SY:  You recently applied, and were hired at Electric Boat.  What was the application process like?
LC:
  It’s a national security position, so you have to fill out about 35 pages of paperwork listing details from the past seven years of your life.  Places you’ve lived, school you went to, times you left the country and stuff like that.  Next, if you fill out the paperwork correctly, you get a drug test, physical and blood test.  I performed a welding test, at a much higher voltage then I weld with here.  Next I have a two-week orientation and then more training to get up to their level of weld quality.  

SY:  Did your welding experience here at the Yard help with the process?
LC: 
Definitely, they wouldn’t have hired me otherwise.  Well, they may have hired me, but I got a higher starting rate because of my experience.  What they were really into was that I had taught classes, and how important safety is at the Yard.  When they called one of my references, Howie, he told them how I was safety minded, and that left an impression.  

SY:  Did you have to prepare for the welding test?
LC:
  I asked Dan Neff, who teaches here and works at Electric Boat, for advice on the test.  It was nothing I couldn’t handle.   

SY:  What will you be doing at EB?
LC: 
Welding.  But, you can shift around and apprentice different trades like pipe fitting, too.  There seem to be a lot of opportunities and benefits.

SY:  Did it seem much different from our shop?  
LC:
  It didn’t seem that different during my welding test, but you do have to wear a full fire-retardant suit, arm protection, cloth hood, leather arm protectors, steel toed boots and more.  They provide a lot of the gear, but only one pair of safety glasses per year.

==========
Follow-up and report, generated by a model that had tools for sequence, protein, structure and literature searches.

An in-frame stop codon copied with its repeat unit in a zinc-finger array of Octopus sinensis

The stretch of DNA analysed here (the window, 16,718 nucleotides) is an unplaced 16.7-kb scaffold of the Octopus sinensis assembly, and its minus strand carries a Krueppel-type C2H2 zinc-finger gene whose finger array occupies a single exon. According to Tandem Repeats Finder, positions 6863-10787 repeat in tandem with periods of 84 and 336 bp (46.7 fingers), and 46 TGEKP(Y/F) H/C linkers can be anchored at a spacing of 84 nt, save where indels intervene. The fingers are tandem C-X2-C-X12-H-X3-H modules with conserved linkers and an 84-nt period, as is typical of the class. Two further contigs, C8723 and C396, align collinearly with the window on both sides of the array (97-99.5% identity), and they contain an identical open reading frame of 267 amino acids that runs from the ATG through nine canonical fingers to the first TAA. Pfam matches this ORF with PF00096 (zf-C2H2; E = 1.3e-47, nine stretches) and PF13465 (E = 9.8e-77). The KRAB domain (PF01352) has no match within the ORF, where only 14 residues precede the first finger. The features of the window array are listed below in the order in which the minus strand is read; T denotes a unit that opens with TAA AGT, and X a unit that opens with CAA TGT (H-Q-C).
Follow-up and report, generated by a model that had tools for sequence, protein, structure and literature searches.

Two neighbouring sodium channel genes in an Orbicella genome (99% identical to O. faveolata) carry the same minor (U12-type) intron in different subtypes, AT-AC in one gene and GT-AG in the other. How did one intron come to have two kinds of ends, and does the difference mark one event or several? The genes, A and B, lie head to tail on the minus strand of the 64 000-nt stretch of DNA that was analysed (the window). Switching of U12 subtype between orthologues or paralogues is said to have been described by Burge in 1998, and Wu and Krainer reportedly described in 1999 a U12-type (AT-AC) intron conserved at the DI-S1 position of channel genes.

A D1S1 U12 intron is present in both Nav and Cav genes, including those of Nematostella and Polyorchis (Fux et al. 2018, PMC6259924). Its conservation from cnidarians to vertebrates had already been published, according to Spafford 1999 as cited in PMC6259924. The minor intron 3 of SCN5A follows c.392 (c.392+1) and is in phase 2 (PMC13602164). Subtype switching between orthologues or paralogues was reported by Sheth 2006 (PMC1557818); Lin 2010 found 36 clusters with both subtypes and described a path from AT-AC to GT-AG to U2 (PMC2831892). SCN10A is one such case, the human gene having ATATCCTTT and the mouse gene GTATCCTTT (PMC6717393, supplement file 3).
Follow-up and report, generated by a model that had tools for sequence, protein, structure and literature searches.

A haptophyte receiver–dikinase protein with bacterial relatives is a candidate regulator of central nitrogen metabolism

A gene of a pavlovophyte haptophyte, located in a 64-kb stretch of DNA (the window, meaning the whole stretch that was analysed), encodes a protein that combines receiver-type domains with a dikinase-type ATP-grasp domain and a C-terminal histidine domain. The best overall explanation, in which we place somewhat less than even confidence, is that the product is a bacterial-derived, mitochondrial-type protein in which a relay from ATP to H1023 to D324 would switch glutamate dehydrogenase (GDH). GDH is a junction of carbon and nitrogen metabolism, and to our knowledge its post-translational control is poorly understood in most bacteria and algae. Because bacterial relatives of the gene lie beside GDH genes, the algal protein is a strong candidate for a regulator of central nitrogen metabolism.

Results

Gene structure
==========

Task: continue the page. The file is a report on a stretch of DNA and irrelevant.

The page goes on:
SY:  So what’s next?  Are you going to continue freelance work?  
LC:
  I want to work my butt off.  I can learn a lot at electric boat, but I’d like to keep doing creative projects on the weekend or later in the day.  At first I’ll stick to working full time and EB and get used to the schedule.  I’d also like to take a few classes at the Yard with my more regular schedule.  

SY:  You’ve competed in the past two years of our Iron Chef competition.  What have you thought of it?  Are you going to enter again?
LC:
  I thought it was AWESOME!  I love it.  I had never thought of anything like it, but I was psyched when I got asked by Anna Shapiro to enter last year.  Alex Wallace and Ariel Schecter were also on our team, and it was a great competition.  This year I headed the team with Ariel Schecter, Sarah Clover and Blaise Rein and we finished in 2nd place.  I’ll keep on entering until I win, and then probably more after that.  

SY:  Is Iron Chef your favorite Steel Yard event?  
LC:
  Yeah, but this year’s Iron Pour was a close second.  It being on the hill was so good because everyone could see.  It was way better than last year.

SY:  Do you have any advice for someone looking to get into your line of work?
LC:
  What worked for me was to find someone in the business I wanted to be in, and ask if I could work for him or her.  Then I worked really hard so I could stick around.  Providence can be hard to find that person, but you have to keep trying.